From an academic standpoint, monitoring studies never truly end. We learn that our original set of objectives may require modification, and that additional gathering of information is essential for providing clarity. We use science as a tool for implementing environmental policy in response to potential problems or environmental trends. The challenge is that policy tends to be ambiguous, and science tends to require too much specificity. So where is the middle road?
The most common treatment goal is the benchmark of 80% removal of total suspended solids (TSS) on an annual basis, a relatively simple concept. By removing 4/5 of the sediment and its associated contaminants from urban runoff, we should be able to improve our receiving body’s water quality. To meet the TSS treatment goal, several agencies have taken a scientific approach in creating field monitoring protocols for evaluating storm water treatment BMPs. Clearly defined objectives are paramount to a successful conclusion. In this case, the objective is to quantify a performance claim relative to the treatment goal. Most monitoring protocols require an individual site to be monitored. Ensuring that this site is representative is important. After all, there are 2,150 unique watersheds across the U.S.
Particle size distribution (PSD) can be used as a tool for characterizing a representative site. However, not a single analytical method has been selected as a standard due to the uncertainty associated with interpreting the results of storm water runoff characteristics. One such method, laser diffraction, assumes each particle is spherical with a uniform specific gravity. The challenge with such a technique is that a particle also can be angular and flat shaped, like organic matter with a dynamic specific gravity. In addition to PSD, we can evaluate sites that have some commonalities among watersheds, like the effects of rainfall distributions, land use and regional soil texture types. In reality, considering the cost of field monitoring, this is still an impractical set of combinations.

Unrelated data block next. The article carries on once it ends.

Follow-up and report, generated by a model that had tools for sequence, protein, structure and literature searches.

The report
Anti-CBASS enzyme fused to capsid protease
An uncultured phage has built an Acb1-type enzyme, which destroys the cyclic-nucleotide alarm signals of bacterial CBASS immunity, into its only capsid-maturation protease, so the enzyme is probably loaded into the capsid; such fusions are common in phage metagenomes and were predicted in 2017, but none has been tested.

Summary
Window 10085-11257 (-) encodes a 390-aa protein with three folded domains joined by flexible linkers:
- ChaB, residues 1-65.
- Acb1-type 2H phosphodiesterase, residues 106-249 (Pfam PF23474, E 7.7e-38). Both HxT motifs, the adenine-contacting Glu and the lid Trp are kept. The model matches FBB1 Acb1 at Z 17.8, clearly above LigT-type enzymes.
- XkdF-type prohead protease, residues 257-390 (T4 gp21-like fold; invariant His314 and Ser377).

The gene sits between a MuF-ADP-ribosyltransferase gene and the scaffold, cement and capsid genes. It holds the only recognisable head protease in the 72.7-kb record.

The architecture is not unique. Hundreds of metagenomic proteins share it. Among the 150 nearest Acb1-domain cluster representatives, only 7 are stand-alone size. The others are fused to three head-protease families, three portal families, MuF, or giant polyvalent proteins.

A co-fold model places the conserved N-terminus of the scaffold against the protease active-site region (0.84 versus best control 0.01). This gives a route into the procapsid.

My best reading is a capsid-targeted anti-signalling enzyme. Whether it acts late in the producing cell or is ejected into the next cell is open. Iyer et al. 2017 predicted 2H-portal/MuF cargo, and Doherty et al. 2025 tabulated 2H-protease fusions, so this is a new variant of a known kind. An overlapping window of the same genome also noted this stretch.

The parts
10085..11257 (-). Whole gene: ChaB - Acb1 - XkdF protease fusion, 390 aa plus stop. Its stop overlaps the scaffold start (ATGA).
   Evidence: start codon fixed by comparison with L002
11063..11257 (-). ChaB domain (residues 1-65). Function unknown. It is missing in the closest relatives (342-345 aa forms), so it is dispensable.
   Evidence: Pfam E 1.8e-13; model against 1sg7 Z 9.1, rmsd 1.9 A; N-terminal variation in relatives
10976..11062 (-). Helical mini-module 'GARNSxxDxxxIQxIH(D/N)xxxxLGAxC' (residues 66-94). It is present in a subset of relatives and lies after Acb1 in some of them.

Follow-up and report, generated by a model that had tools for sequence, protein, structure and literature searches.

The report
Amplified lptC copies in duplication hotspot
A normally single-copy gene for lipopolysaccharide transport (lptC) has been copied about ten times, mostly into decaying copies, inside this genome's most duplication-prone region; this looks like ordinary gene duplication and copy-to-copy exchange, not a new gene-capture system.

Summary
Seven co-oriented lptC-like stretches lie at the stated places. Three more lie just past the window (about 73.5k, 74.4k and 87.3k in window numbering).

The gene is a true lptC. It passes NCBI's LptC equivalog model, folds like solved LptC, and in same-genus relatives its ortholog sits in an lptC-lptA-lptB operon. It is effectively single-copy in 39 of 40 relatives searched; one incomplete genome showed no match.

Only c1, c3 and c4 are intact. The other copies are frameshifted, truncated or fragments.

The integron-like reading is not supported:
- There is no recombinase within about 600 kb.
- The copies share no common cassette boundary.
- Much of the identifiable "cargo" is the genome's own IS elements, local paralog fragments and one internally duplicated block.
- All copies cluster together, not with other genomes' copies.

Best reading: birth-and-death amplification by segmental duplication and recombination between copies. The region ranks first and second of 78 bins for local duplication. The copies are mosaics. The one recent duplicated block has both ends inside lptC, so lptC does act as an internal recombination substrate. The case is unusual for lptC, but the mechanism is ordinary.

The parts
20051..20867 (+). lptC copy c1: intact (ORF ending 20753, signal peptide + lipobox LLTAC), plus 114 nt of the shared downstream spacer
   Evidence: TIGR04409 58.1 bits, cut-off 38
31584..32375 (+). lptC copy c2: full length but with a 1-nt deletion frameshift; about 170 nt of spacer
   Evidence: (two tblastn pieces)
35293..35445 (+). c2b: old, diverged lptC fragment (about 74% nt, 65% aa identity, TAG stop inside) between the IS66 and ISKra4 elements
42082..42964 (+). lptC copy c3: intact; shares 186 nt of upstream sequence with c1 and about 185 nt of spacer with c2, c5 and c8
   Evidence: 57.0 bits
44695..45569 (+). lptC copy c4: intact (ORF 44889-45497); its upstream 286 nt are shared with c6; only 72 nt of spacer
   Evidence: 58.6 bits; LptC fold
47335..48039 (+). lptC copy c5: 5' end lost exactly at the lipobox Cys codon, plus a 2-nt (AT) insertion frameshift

We can find some relief by selecting a combination from the middle of this spectrum and monitoring over the course of multiple seasons. Sites that are within Type Ia and Type II rainfall distributions, roadway and commercial sites, and sites getting close to a true loam (+/-20%) soil texture type can be the primary focus. This should provide a baseline for substantiating hypothesis testing—using hydraulic, performance and pollutant loading data generated in the laboratory and comparing these results with field data.
In the end, we have to keep things in perspective when using science to evaluate environmental policy. Science is beginning to unravel the complexities associated with storm water and a relatively stable compound in suspended sediment. Initiating comprehensive field and laboratory work is just the beginning, especially as additional, less-stable contaminants like metals, nutrients and organics enter into the mix of regulated parameters. Buckle up … it should be a fun and interesting ride.